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Pricier property markets most sensitive to rates, RBA paper says
[SYDNEY] Australian monetary policy adjustments have the greatest impact on expensive property markets, a Reserve Bank research paper showed, and low interest rates can temporarily exacerbate housing wealth inequality.
"Prices are typically more sensitive to changes in interest rates in areas where land is more expensive," RBA economists Calvin He and Gianni La Cava said in the paper Monday. "Specifically, we find the sensitivity is greater in areas where incomes are relatively high, households are more indebted and there are more investors."
Australia's central bank cut its cash rate three times last year to a record-low 0.75 per cent as it sought to spur economic growth and hiring. That helped reignite property prices, with Sydney and Melbourne leading the way, and climbing 1.1 per cent and 1.2 per cent, respectively, in the month of January.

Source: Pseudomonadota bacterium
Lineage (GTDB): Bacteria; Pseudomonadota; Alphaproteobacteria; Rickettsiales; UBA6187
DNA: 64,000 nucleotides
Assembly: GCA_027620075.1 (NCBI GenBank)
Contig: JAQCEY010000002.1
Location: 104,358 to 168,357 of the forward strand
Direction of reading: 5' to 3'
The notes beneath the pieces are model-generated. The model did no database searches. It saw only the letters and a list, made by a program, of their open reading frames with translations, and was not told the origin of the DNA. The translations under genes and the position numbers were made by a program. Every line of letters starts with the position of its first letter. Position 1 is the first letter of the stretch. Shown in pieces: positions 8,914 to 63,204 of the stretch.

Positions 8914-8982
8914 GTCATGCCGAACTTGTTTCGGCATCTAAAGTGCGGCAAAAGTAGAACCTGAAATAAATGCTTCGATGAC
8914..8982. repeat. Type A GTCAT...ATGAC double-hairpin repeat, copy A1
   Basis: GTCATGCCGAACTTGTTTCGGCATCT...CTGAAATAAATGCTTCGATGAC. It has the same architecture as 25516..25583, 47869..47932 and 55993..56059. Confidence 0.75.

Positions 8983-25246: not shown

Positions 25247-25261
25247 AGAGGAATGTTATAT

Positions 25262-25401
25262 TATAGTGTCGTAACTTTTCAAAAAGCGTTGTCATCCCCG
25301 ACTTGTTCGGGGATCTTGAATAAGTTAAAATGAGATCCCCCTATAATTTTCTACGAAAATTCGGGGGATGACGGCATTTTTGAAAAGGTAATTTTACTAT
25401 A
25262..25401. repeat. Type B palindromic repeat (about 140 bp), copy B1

The RBA paper found that housing prices respond differently to monetary policy depending on local housing supply conditions, investor concentration and average income and mortgage debt.
"This speaks to the underlying transmission of monetary policy and suggests that the effectiveness of monetary policy through the housing market is dependent on the state of the economy," it said.
RBA chief Philip Lowe has said a stronger property market will begin to encourage a recovery in residential construction, helping to boost the economy. It should also, he says, lead to households feeling wealthier and more inclined to spend.
Consumption accounts for around 55 per cent of gross domestic product and has been in the doldrums while households grapple with low wage growth and high debt.
"We find that housing prices in more expensive areas are more sensitive to changes in interest rates than in cheaper areas," the economists said. "This suggests that lower interest rates increase housing wealth inequality, while higher rates do the opposite. However, these effects appear to be temporary."
Traders are pricing in little chance of a rate cut at the RBA's next two meetings, with bets rising above 50 per cent in July.